Follow-up charts of patients who had a kidney transplant between 1992 and 2016 in our facility were evaluated. All patients had a diagnosis of amyloidosis based on histopathologic examination. Patients who had missing follow-up data were excluded. Group 1 consisted of 24 patients with kidney transplant following ESRD due to amyloidosis. Group 2 was a control group composed of 24 patients who had kidney transplant procedures following ESRD secondary to various causes other than amyloidosis. Individuals within groups were matched for time of transplant and donor type (deceased or living-related). Demographic, clinical, and laboratory findings at baseline and at follow-up were gathered from medical records. Age, sex, date of transplant, cause of ESRD, duration of dialytic therapies, cause of amyloidosis in the amyloidosis group, donor type, donor sex, donor age, donor body mass index (BMI), number of HLA mismatches, cold ischemia time, and last serum creatinine level of donor were recorded. We also recorded the BMI of recipients before transplant and at last visit; serum creatinine levels at baseline, month 1, month 3, and month 6 and at end of year 1, year 3, year 5, and last visit; and systolic and diastolic blood pressure levels at baseline. Baseline serum creatinine was accepted as the lowest value within the first month posttransplant.

We next identified patients in our database who had ESRD secondary to amyloidosis and were treated with hemodialysis to serve as a second control group. We conducted a survival analysis in which we compared amyloidosis patients who were treated with kidney transplant (group 1; n = 24) with amyloidosis patients who were treated with hemodialysis (group 3; n = 25).

Induction and maintenance immunosuppressive protocols were recorded. Complications related to drug toxicities and adverse effects, infectious diseases, metabolic diseases, and malignant diseases were noted. Number of patients who reached the renal end-point (complete, irreversible loss of graft function and/or doubling in serum creatinine levels), acute and chronic rejection rates, delayed graft function and primary nonfunction rates, and number of deaths were compared between amyloidosis and control groups.

Presence of acute rejection and chronic rejection was diagnosed with kidney biopsy. Delayed graft function was defined as the need for at least 1 dialysis session within the first week after kidney transplant.12 BK virus nephropathy was diagnosed based on kidney biopsy findings.13 Blood polymerase chain reaction tests for BK virus and Cytomegalovirus were done routinely as a screening tool after transplant.

Statistical analyses
Variable distributions were assessed by the Kolmogorov-Smirnov test. Quantitative variables are expressed as mean and standard deviation if normally distributed or as median and interquartile range. Qualitative variables are expressed as proportions. Groups were compared for means using t test if variables were normally distributed or otherwise with Mann-Whitney U test. For comparisons between proportions, chi-square tests or Fisher exact tests were used as appropriate. Renal and patient survival rates and times were determined using Kaplan-Meier test. Log-rank test was used to compare survival times across groups. Statistical analysis was performed using SAS 9.4 (SAS Institute, Inc., Cary, NC, USA). P values of .05 or less were considered to be statistically significant.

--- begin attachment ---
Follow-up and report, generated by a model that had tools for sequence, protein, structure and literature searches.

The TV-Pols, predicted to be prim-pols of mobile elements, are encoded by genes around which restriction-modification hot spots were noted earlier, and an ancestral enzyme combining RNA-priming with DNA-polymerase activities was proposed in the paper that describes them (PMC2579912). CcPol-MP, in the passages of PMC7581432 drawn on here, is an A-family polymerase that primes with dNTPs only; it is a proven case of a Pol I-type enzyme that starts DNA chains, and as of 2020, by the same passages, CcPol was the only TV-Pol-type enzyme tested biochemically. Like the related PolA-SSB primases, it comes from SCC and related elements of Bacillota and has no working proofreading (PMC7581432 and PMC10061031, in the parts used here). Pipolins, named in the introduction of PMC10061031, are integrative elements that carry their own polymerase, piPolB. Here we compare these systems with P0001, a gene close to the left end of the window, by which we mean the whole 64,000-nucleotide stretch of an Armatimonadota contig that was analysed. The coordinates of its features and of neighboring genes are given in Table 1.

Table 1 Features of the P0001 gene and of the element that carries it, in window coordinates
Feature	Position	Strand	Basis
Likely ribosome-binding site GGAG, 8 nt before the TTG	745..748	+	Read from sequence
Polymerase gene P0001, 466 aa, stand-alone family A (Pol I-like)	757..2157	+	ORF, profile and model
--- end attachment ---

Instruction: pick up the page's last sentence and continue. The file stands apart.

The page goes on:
Mean follow-up was 109.5 ± 79.8 months. In group 1, eighteen patients had FMF, 1 had ankylosing spondylitis, 1 had rheumatoid arthritis, 1 had Crohn’s disease, and 1 had bronchiectasis. Two patients had AL amyloidosis. Amyloidosis was diagnosed before FMF in 4 patients. In group 2, 6 patients had chronic glomerulonephritis, 5 had hypertensive glomerulosclerosis, 4 had autosomal dominant polycystic kidney disease, 3 had chronic pyelonephritis, 2 vesicoureteral reflux, 2 had Alport syndrome, 1 had obstructive uropathy, and 1 had lupus nephritis.

Basiliximab was used in 6 patients in group 1 and in 5 patients in group 2. Lymphocyte-depleting agents were used for the remaining patients. All patients were treated with corticosteroids for maintenance therapy. Two patients in group 1 were treated with a combination of corticosteroid plus cyclosporine and corticosteroids plus azathioprine. All remaining patients in both groups were treated with various triple combinations. Corticosteroid, mycophenolate mofetil, and tacrolimus were the most frequent combination used in maintenance therapy (in 8 and in 9 patients in group 1 and group 2, respectively). Mammalian target of rapamycin inhibitors were prescribed for 3 patients (1 in group 2).

Twelve patients in group 1 and 7 patients in group 2 died during follow-up. In group 1, causes of death were sepsis (n = 5), adrenal insufficiency plus acute necrotizing pancreatitis plus sepsis (n = 2), ileal perforation plus sepsis (n = 1), adrenal insufficiency plus sepsis plus intracranial hemorrhage (n = 1), adrenal insufficiency plus sepsis (n = 1), and unknown cause (n = 2). In group 2, causes of death were sepsis (n = 5) and unknown cause (n = 2).

The cumulative 10-year and 20-year patient survival rates were 68.2% versus 86.1% and 36.9% versus 60.3% in group 1 versus group 2, respectively (P = .041; Figure 1). Patients in group 1 and group 2 showed mean survival of 124.1 ± 21.0 and 187.5 ± 18.2 months, respectively.